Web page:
Student Webinar Series

Upcoming Student Webinars

Library: Student Webinar Series – recordings and transcripts

Canadian Sociological Association Webinars
(This includes this series of webinars as well as those organized by the CSA-SCS Executive Committee, other Subcommittees, and Research Clusters)

Students have expressed a need for more guidance about how to navigate both academic and non-academic career paths. To help address this need, the Canadian Sociological Association’s Student Concerns Subcommittee has organized a professional development webinar series for students.  Each webinar will feature a guest speaker, either an academic or practitioner, and will focus on a different aspect of professional development.

Professional development is integral to strengthening students’ transferable skills and their understanding of how the core competencies of the discipline can be used in both academic and non-academic settings.  Students enter graduate programs with varying levels of information and awareness of the importance of such knowledge, and access to professional development resources also varies by institution, department, and individual supervisors.  Discipline-specific information and perspectives from sociologists at different institutions/in different settings may provide new and valuable insights for all students.

These webinars are meant to be interactive, so they will feature both a presentation from the guest speaker as well as an open Q&A period.

Please contact the Student Concerns Subcommittee for more information.

Upcoming Webinars: 2020-2021


Publishing & Public Sociology

Date: April 21, 2021

2:00pm – 3:30pm PT / 3:00pm – 4:30pm MT / 4:00pm – 5:30pm CT / 5:00pm – 6:30pm ET / 6:00pm – 7:30pm AT / 6:30pm – 8:00pm NT

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Publishing is consistently recognized as the “universal currency” of academia, but the process behind the product remains unclear for many graduate students. At the same time, growing awareness about the importance of sharing scholarly outputs with the wider public has also left students with many questions about how to create and disseminate socially engaging and accessible knowledge. During this webinar, panelists will discuss how graduate students should approach the publishing process, followed by a discussion about how to write and share research with broader audiences.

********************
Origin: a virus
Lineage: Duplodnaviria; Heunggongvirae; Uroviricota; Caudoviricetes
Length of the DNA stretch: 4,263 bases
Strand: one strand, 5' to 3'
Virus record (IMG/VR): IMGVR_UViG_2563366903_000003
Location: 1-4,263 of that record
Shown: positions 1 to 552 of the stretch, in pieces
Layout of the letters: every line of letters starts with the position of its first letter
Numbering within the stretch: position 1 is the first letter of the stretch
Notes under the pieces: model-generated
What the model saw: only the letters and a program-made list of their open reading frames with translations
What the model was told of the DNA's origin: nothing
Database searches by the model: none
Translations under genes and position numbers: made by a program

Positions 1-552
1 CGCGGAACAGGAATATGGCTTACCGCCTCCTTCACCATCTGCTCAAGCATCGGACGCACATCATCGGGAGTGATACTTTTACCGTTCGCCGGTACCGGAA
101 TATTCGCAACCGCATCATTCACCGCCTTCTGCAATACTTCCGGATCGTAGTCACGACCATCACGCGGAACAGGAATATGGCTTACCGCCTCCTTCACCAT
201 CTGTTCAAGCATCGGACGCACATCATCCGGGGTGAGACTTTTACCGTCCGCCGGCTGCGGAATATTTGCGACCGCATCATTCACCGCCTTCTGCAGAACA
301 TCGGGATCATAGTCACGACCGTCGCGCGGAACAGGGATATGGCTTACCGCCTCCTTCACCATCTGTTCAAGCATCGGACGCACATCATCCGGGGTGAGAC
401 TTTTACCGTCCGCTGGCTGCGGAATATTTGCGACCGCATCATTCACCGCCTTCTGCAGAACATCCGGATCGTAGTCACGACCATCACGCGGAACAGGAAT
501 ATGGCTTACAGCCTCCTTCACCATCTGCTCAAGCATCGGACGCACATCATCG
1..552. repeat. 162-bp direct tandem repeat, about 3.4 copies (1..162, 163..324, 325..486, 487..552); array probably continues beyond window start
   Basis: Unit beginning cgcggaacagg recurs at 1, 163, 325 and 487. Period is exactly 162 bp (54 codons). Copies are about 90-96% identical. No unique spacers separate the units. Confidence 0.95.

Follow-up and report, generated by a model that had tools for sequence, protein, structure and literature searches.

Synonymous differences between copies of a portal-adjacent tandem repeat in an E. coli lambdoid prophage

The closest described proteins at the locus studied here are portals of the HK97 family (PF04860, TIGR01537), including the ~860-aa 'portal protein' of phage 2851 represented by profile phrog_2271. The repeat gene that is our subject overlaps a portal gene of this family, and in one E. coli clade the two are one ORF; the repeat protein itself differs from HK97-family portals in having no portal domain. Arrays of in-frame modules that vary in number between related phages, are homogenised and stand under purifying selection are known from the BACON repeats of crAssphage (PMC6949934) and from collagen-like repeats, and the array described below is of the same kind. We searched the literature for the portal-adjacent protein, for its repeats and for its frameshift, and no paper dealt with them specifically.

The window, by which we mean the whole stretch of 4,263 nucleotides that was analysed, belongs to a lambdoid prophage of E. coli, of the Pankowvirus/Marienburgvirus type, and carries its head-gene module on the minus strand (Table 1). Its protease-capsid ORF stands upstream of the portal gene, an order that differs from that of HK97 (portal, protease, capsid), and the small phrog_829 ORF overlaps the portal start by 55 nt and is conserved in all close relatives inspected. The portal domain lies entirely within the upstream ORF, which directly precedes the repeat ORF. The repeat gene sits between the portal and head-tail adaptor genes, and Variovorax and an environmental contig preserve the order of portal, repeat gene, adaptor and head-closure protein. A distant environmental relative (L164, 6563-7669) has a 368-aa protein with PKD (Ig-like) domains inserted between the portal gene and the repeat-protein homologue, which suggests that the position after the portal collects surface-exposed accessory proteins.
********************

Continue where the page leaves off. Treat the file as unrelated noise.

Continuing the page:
Panelists:

Dr. Pallavi Banerjee, University of Calgary

Dr. Pallavi Banerjee is an Associate Professor in the Department of Sociology at the University of Calgary since 2015.  Before this she was a postdoctoral fellow at the sociology department at Vanderbilt University.  She received her Ph.D. in Sociology from the University of Illinois, Chicago in December of 2012. Her research interests are situated at the intersections of sociology of immigration, gender, unpaid and paid labour, intersectionality, transnationalism, minority families and the Global South. Her forthcoming book entitled, Dismantling Dependence:  Gendered Migrations, Indian High-Skilled Immigrant Families and the Visa Regime forthcoming, NYU Press explores how the immigration and visa regimes of United States affect immigrant families of Indian professional workers in the U.S.

Dr. Karen Stanbridge, Memorial University

Dr. Karen Stanbridge is an Associate Professor in the Department of Sociology at Memorial University. She is a political sociologist who writes about nationalism, the state, and social movements. She is the Managing Editor of the Canadian Review of Sociology, and producer and host of CRStal Radio, the podcast of the CRS.

 

Dr. Howard Ramos, University of Western Ontario

Dr. Howard Ramos is Chair of the Department of Sociology at Western University. He is a political sociologist who investigates issues of social justice and equity. He has published on social movements, human rights, Indigenous mobilization, environmental advocacy, ethnicity, race, and Atlantic Canada. He also is former President of the Canadian Sociology Association.

 

 

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